Schenectady County

Officials tinker with idea to close Oneida Middle School

Plans for the possible closure of Oneida Middle School are becoming clearer now that Interim Superin

Despite keeping as many seventh- and eighth-graders in their elementary school as possible, hundreds will have to move to Mont Pleasant Middle School if the school district closes Oneida Middle School.

Plans for the possible closure are becoming clearer now that Interim Superintendent John Yagielski has met with most of the parent-teacher organizations at the affected buildings.

Yagielski has suggested saving money by closing Oneida Middle School and possibly turning three elementary schools into K-8 buildings. Many students would be moved to Mont Pleasant Middle School, which would be the only remaining middle school.

Students at Zoller, Woodlawn, Paige, Elmer and Yates elementary schools would be affected by the changes. All of those students normally go to Oneida Middle School.

Some parents have balked at sending their students to the other side of the city — with some calling Mont Pleasant the “worst” school in the district. School board member Gary Farkas publicly criticized parents for those comments, but said this week that he’d like to avoid moving students because of the cost of busing.

He suggested moving enough students to Central Park International Magnet School, and other buildings in walking distance, to avoid busing any students.

But Yagielski said the savings plan includes adding 150 to 250 students to Mont Pleasant Middle School. That would put the school at 700 to 800 students, far below the more than 1,000 students who used the building as a high school many years ago.

Some parents have said they want their children to go to Mont Pleasant, rather than a K-8, because there might be more opportunities for sports, electives and accelerated classes. Some even said they would volunteer for the move if Oneida closes.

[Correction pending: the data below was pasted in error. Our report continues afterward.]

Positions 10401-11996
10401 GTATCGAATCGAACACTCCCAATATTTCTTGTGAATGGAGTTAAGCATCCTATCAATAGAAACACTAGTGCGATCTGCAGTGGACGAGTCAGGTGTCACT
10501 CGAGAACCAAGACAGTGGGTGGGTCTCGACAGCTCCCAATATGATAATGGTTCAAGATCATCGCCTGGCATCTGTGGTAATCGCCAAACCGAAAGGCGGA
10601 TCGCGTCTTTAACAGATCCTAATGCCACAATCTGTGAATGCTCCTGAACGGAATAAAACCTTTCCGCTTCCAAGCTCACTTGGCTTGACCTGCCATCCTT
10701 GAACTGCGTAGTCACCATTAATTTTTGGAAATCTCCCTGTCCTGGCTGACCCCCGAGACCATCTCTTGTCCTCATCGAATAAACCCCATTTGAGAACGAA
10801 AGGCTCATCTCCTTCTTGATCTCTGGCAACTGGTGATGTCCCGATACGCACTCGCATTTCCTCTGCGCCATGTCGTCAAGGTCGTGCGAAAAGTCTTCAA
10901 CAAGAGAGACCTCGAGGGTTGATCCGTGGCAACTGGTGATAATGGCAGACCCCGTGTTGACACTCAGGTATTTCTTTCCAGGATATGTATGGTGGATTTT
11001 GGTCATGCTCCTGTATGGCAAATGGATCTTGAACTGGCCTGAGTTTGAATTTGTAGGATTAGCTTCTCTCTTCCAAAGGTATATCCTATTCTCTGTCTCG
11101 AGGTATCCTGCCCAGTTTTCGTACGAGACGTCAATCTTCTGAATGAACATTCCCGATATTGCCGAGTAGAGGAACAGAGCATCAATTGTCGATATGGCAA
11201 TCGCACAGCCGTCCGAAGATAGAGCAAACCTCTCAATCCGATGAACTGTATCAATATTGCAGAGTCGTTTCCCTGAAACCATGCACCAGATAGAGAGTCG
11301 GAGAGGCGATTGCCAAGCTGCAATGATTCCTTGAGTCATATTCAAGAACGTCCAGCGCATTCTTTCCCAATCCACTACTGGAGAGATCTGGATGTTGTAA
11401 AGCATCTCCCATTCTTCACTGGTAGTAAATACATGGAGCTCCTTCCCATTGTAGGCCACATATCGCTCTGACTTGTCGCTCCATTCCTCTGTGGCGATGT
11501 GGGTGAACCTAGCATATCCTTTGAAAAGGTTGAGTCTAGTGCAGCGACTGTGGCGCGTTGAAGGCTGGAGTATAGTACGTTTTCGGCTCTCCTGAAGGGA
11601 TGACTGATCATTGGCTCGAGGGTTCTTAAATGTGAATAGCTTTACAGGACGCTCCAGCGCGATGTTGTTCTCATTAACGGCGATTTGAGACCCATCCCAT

But Yagielski said he wouldn’t be able to simply fill Mont Pleasant with volunteers.

It’s “unrealistic,” he said, because so many students must be moved to make the plan work.

Still, those comments led him to form plans for Mont Pleasant as well as the K-8s.

Mont Pleasant would offer many programs that the district couldn’t afford to do until now because it couldn’t afford to duplicate them at every middle school, Yagielski said.

“We could really create a new Mont Pleasant Middle School,” he said. “I see it as a positive.”

Among the ideas: Mont Pleasant could be the site for accelerated classes. It already offers ninth-grade algebra to eighth-graders. Similar classes could be offered for science, and the fine arts program could be expanded.

“Those are the things I’m exploring now,” he said.

He’s also trying to determine whether it’s realistic to turn Zoller, Woodlawn or Paige elementary schools into K-8 buildings.

Many students near those schools would start their school career by being bused to Howe for kindergarten, to make room for grades 7 and 8 at the elementary schools. Only kindergartners who would have to ride a bus anyway would be sent to Howe; those who walk would stay at their neighborhood’s elementary school.

Howe is the district’s kindergarten and pre-K building and has room for many more classes, Yagielski said.

The best way to save money, he has argued, is to use all of the space in the district, rather than underutilizing some buildings while others are crowded.

Howe has plenty of space, so it should be used by more kindergarten classes, he said. Kindergartners from Central Park and King, which are currently K-8 buildings, would also go to Howe to make room for more seventh- and eighth-graders there.

Yagielski doesn’t want to remove all kindergarten classes from the elementary schools, but he needs six classrooms in each building to make room for seventh and eighth grade. He’s not sure if the elementary schools in question are big enough.

“We’re seriously looking at it,” he said.

In the meantime, Farkas and other school board members are trying to persuade parents that Mont Pleasant isn’t a “bad” school, as some described it in recent PTO meetings.

“Mont Pleasant is a wonderful building,” Farkas said at Wednesday’s school board meeting. “All our schools are good schools. I would send my kids to any building here.”

He added that Oneida and Mont Pleasant seem identical — teachers offer the same programs, enforce the same rules and have the same equipment. The only differences, he said, are architectural.

“Other than the walls, you don’t know if you’re in Mont Pleasant or Oneida when you’re in there,” Farkas said.

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